• yirarayirara Member Posts: 5,134 Member Member Posts: 5,134 Member
    There are probably many reasons. For me, I regained some weight for a combination of a) being undermedicated for my thyroid and feeling not fell and being very hungry and b) being depressed for another reason unrelated, which resulted in snacking too much.
  • GeneralSTpowerGeneralSTpower Member Posts: 15 Member Member Posts: 15 Member
    Tbh, its not rocket science to understand the process behind it. It is pretty much doable, losing weight was the hardest part for my clients,cause thats when they had to reduce their intake significantly. But they do like the maintenance phase theyre in now. The idea is, to make sure that the number of calories burnt, needs to be more than the calories consumed. But the most important thing you need to keep in your mind is to have a healthy mindset, and not a strict one. You will go off balance here and there, adjust, analyse and get back on track, and you will find that it is as easy as you think it is.
  • speyerjspeyerj Member Posts: 690 Member Member Posts: 690 Member
    @sofrances, I'm right where you are. I've just lost 110+ pounds and just started maintenance this week. It's kinda scary. Losing was pretty easy. But like you, I've lost weight before but never actively practiced maintenance. So this is new territory for me too. In the past, I was thrilled that my diet was finally over and I rewarded myself with all the food I'd been depriving myself of previously. Insane now that I think back on it. What the heck did I think was going to happen??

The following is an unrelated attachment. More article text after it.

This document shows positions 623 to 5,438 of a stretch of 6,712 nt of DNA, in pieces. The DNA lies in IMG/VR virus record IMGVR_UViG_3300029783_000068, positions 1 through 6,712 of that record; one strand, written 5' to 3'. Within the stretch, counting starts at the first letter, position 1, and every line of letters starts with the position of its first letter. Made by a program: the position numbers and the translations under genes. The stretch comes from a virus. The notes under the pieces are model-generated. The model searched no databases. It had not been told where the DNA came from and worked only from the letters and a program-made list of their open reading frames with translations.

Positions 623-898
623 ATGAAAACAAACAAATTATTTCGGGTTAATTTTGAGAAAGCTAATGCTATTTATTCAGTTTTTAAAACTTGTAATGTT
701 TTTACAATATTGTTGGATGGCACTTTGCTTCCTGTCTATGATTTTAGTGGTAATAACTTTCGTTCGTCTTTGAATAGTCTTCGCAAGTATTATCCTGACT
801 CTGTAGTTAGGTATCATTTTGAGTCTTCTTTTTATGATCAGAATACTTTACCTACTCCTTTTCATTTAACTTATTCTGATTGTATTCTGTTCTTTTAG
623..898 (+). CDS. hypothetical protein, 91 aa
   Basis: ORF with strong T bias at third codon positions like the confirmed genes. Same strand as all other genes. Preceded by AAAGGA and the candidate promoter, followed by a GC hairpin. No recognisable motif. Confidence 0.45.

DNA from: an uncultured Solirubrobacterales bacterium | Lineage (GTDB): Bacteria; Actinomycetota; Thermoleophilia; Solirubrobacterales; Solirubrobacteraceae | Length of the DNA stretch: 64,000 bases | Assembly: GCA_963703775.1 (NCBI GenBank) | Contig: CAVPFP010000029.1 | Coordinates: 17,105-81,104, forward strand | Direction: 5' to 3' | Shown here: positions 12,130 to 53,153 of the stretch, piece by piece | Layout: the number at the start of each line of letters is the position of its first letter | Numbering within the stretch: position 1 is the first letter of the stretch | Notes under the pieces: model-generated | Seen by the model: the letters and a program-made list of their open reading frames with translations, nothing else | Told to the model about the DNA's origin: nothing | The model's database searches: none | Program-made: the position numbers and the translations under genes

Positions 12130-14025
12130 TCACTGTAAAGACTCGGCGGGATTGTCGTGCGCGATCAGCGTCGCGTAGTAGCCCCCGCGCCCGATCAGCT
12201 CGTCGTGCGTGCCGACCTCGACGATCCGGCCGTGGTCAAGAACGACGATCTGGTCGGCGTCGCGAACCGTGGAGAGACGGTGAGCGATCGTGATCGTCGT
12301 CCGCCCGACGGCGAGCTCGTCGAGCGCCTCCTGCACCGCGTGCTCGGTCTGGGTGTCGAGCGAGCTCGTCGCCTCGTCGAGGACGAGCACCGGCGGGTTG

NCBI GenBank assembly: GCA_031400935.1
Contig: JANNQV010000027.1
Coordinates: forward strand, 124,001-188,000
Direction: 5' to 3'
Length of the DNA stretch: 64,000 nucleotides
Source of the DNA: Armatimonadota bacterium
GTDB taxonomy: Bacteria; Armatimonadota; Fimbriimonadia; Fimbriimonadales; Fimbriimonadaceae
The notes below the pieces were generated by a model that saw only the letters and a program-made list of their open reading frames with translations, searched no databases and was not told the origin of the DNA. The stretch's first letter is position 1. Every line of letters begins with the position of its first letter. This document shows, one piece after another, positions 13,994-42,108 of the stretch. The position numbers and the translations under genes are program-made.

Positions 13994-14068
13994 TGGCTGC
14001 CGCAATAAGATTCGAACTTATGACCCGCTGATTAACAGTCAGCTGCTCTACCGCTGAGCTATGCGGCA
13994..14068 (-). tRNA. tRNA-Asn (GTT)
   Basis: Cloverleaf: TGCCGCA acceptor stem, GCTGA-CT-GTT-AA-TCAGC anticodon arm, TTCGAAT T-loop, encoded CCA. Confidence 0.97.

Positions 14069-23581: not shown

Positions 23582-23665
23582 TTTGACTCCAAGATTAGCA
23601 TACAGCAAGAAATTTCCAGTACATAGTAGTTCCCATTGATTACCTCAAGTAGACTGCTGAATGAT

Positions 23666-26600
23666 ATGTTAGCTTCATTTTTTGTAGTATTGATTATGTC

There is a truism in business which says, "What gets measured gets managed". I am certain it is no different with weight management. So for now, I'm committed to weighing myself every day and plan to continue to track my food for at least a year. Then we will see. At a minimum, I believe I will need to weigh myself at least weekly for the rest of my life to make sure I stay on track. And apply interventions as needed to course correct. But for now, maintenance is no different than dieting, except for the number of calories available to me each day.
    edited June 30
  • heybalesheybales Member Posts: 17,583 Member Member Posts: 17,583 Member
    @speyerj
    Pick the spot where you gain fat first - and measure too.

    The scale isn't the best indicator of fat gain, weight in general which could be water, sure, but not always fat weight.
    Have another measurement to track. Maybe a couple, but waist for many is it.

    That way as you gain water weight (same water weight you lost when first starting diet) - you'll know nothing to fear.

    That way you aren't attempting intervention and course corrections when it's only water weight for many valid and healthy reasons.
  • speyerjspeyerj Member Posts: 690 Member Member Posts: 690 Member
    @Heybales - thanks! I've definitely had my share of water retention battles - gaining or losing up to 4 pounds a day at times. I have a body composition scale, which helps me filter out the noise of water retention, but my waist measurement is also a good lagging indicator as well. The only issue with tape measurements is that it's pretty easy to fool yourself by tugging at it harder to get it down that 1/4 inch you are looking for.